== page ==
Next step is to use the drippings in the skillet to make the sauce. Add the chopped onion and garlic and cook for 15-20 seconds. Add dry red wine, balsamic vinegar, bringing to a boil, stirring to melt the solidified juices, and cook until the liquid is reduced to about 1/4 cup. What surprises me are the next two ingredients to be added to this classic French sauce: ketchup, A1 steak sauce and water. (This must be an adaptation for the American cooks.) Bring to a boil and cook for another minute. Drain off any liquid that has accumulated around the duck and add it to the sauce.

In my opinion, it’s good to slice the duck breast about 1/2 inch thick on the diagonal, which makes it tender. Strain the sauce with a fine-mesh strainer if you prefer a smooth and silky sauce. Drizzle the duck with the red wine and balsamic sauce. Sprinke with fresh chives and serve. I used parsley because that’s what I had.

A few tips: I’d add another step at the beginning: rendering the duck fat. Score the duck skin in a crosshatch pattern with a sharp knife, cutting into the layer of fat and careful not piercing into the meat. It’s important when there is a thick fat layer. Should there be enough fat left in the skillet than is needed to make the sauce, I’d save the duck fat for later use. Duck fat is good fat and adds complex flavor to potatoes, grains or beans. If there are duck leftovers, I would dice and incorporate them in a salad or a sandwich with artisan bread, like what you would with bacon. They add instant elegance to any dish!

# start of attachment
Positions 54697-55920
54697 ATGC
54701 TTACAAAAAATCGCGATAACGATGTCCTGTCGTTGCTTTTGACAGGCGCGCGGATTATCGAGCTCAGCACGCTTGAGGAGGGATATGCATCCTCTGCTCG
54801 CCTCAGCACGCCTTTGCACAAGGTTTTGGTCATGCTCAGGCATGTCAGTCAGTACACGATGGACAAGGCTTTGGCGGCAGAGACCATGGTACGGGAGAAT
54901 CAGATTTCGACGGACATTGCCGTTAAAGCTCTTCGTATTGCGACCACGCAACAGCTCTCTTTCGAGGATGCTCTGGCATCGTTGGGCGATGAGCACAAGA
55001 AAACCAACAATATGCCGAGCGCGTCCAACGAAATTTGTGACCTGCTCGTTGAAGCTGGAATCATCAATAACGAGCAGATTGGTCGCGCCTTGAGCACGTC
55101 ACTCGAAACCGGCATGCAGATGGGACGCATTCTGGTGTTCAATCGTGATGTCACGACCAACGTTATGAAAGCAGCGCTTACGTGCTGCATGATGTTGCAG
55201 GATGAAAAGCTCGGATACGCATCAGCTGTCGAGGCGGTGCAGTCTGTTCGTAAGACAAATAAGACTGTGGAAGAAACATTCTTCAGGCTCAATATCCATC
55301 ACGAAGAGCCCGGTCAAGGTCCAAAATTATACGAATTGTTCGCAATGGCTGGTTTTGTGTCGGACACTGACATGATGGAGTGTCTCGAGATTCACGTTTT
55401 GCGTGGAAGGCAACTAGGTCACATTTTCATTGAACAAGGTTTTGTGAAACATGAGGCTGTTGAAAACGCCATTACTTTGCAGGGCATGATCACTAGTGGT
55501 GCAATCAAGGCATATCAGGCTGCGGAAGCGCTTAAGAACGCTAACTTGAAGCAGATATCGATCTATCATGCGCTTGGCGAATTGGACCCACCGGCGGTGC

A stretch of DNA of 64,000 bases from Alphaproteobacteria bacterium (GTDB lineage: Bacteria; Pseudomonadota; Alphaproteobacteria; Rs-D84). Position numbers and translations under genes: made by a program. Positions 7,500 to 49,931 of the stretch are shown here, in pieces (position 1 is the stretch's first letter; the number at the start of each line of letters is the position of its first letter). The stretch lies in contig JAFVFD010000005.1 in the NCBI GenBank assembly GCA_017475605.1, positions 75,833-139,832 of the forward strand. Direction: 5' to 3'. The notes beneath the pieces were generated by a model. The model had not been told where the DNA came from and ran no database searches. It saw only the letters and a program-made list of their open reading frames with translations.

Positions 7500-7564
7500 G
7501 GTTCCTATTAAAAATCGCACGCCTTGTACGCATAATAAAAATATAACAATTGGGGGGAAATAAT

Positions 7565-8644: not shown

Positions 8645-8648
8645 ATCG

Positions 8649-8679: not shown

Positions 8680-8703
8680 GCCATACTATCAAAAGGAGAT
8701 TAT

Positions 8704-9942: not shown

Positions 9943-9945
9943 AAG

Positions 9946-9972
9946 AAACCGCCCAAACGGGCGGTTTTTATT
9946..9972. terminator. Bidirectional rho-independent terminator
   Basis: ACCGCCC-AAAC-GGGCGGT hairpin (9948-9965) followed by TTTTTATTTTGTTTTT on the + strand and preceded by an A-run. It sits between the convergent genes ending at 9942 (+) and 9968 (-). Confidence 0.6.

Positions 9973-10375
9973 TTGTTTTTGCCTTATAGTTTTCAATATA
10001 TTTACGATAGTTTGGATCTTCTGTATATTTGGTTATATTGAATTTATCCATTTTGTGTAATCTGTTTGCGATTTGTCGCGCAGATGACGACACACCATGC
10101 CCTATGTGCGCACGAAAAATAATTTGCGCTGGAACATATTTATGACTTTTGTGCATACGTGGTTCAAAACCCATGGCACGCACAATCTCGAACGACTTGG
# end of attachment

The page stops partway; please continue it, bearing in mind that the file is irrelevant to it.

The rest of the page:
You’ve got a great meal served to you from your favorite French bistro, and better, in the comfort and intimacy of home.

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12 Comments

  • Reply
    Deb in Hawaii
    April 8, 2015 at 8:41 pm

    That is some gorgeous duck–it looks positively delectable with the red wine-balsamic sauce. Very happy to have you cooking with us and Chef Jacques! 😉

  • Reply
    kitchen flavours
    April 10, 2015 at 2:59 pm

    Delicious duck dish! I can picture having this in a restaurant! Looks delicious, you have selected a fabulous recipe to welcome JP into your kitchen!